History in Structure

This site is entirely user-supported. See how you can help.

Former Mast House and Mould Loft

A Grade I Listed Building in Chatham, Medway

We don't have any photos of this building yet. Why don't you be the first to send us one?

Upload Photo »

Approximate Location Map
Large Map »


Latitude: 51.3966 / 51°23'47"N

Longitude: 0.5289 / 0°31'44"E

OS Eastings: 576025

OS Northings: 169434

OS Grid: TQ760694

Mapcode National: GBR PPP.8KH

Mapcode Global: VHJLV.35Z5

Plus Code: 9F329GWH+MH

Entry Name: Former Mast House and Mould Loft

Listing Date: 13 August 1999

Grade: I

Source: Historic England

Source ID: 1378590

English Heritage Legacy ID: 476543

Location: Medway, ME4

County: Medway

Electoral Ward/Division: River

Built-Up Area: Gillingham

Traditional County: Kent

Lieutenancy Area (Ceremonial County): Kent

Church of England Parish: Gillingham St Mark

Church of England Diocese: Rochester

Find accommodation in

Listing Text

(East side) Chatham Dockyard
Former Mast House and Mould Loft


Mast house and mould loft, now museum. 1753-55, altered 1833. Weather-boarded timber frame and slate roof. PLAN: rectangular open plan with mould loft to 3 middle bays. EXTERIOR: single storey with second storey to middle 3 ranges, and attic to middle. Near-symmetrical range of 5 gables with a further W range, the middle one taller, with raking
.roof across to flanking bay above the mould loft. Ground-floor of continuos garage doors, and wide windows above with glazing bars. Middle range has 7 first-floor 6/9-pane sashes, and 5 attic 9-pane windows, flanking ranges have 2 first-floor 6/6-pane sashes. Middle range has large flat-headed dormers and 3 small ridge louvres, flat roof lights to other ranges, the end ones with 4 dormers.
INTERIOR: an extensive open internal space, the mould loft supported by large posts with diagonal and ships' knee braces, a king post roof to outer sections, and central mould loft floor with a 13-bay collared queen post roof.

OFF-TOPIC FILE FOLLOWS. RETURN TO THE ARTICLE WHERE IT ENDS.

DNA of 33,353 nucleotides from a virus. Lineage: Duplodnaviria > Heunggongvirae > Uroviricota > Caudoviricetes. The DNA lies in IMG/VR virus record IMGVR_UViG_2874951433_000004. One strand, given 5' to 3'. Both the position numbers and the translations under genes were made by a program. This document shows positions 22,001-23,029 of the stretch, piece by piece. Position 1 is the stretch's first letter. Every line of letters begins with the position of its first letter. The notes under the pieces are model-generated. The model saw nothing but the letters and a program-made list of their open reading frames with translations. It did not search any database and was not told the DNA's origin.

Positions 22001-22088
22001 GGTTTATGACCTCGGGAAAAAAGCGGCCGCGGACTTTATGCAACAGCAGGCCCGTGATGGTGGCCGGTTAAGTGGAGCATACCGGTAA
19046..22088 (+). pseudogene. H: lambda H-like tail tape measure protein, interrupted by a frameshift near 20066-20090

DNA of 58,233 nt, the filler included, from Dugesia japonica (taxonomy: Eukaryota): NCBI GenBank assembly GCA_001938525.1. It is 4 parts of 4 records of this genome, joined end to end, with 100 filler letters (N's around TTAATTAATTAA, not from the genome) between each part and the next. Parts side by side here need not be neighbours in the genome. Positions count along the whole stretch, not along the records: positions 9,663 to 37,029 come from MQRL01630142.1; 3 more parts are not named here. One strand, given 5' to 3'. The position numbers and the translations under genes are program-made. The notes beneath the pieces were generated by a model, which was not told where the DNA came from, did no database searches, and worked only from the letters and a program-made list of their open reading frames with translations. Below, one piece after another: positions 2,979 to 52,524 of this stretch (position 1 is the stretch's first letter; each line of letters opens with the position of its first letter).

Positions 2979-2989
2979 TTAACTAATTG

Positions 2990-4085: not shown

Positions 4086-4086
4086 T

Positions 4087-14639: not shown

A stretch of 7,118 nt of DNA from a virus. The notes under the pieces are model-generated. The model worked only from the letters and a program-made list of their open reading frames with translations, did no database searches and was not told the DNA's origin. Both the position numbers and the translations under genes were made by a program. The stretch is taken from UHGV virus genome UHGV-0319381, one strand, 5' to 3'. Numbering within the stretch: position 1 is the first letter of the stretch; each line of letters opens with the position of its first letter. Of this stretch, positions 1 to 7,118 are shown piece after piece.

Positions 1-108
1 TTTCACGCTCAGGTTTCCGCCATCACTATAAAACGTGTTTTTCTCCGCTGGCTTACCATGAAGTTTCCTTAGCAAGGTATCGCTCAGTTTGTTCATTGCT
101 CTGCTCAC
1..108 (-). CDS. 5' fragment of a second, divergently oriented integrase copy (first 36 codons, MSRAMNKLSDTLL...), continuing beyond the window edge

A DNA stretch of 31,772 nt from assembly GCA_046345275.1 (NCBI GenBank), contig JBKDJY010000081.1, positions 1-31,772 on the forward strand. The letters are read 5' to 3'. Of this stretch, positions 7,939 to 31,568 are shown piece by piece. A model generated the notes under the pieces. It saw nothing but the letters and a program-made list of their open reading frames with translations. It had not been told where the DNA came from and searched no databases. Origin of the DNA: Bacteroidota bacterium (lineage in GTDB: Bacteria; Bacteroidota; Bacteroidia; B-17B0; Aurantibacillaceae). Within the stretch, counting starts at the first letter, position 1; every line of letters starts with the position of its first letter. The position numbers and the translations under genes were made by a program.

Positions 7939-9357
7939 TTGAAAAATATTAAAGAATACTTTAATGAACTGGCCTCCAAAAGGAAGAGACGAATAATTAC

HISTORY: used for shaping and storing masts on the ground floor, and for drawing out plans in the wide space of the first-floor loft. The mould loft was extended 1833 to include part of the flanking bays, and was used to layout HMS Victory in 1759, and HMS Achilles in 1860, the first all metal warship in the world. From 1855 it was used as a store.
The last surviving timber mast house in a naval yard, providing evidence in the joints and members of ship-builders' techniques applied to building construction, and part of a fine group of naval buildings within a complete Georgian dockyard.
(Sources: Coad J: Historic Architecture of Chatham Dockyard 1700-1850: London: 1982: 153 ; Coad J: The Royal Dockyards 1690-1850: Aldershot: 1989: 159-161 ; MacDougall P: The Chatham Dockyard Story: Rainham: 1987: 61).

Listing NGR: TQ7602569431

This text is from the original listing, and may not necessarily reflect the current setting of the building.

Selected Sources

Book cover links are generated automatically from the sources. They are not necessarily always correct, as book names at Amazon may not be quite the same as those used referenced in the text.

Source title links go to a search for the specified title at Amazon. Availability of the title is dependent on current publication status. You may also want to check AbeBooks, particularly for older titles.

Recommended Books

Other nearby listed buildings

BritishListedBuildings.co.uk is an independent online resource and is not associated with any government department. All government data published here is used under licence. Please do not contact BritishListedBuildings.co.uk for any queries related to any individual listed building, planning permission related to listed buildings or the listing process itself.

British Listed Buildings is a Good Stuff website.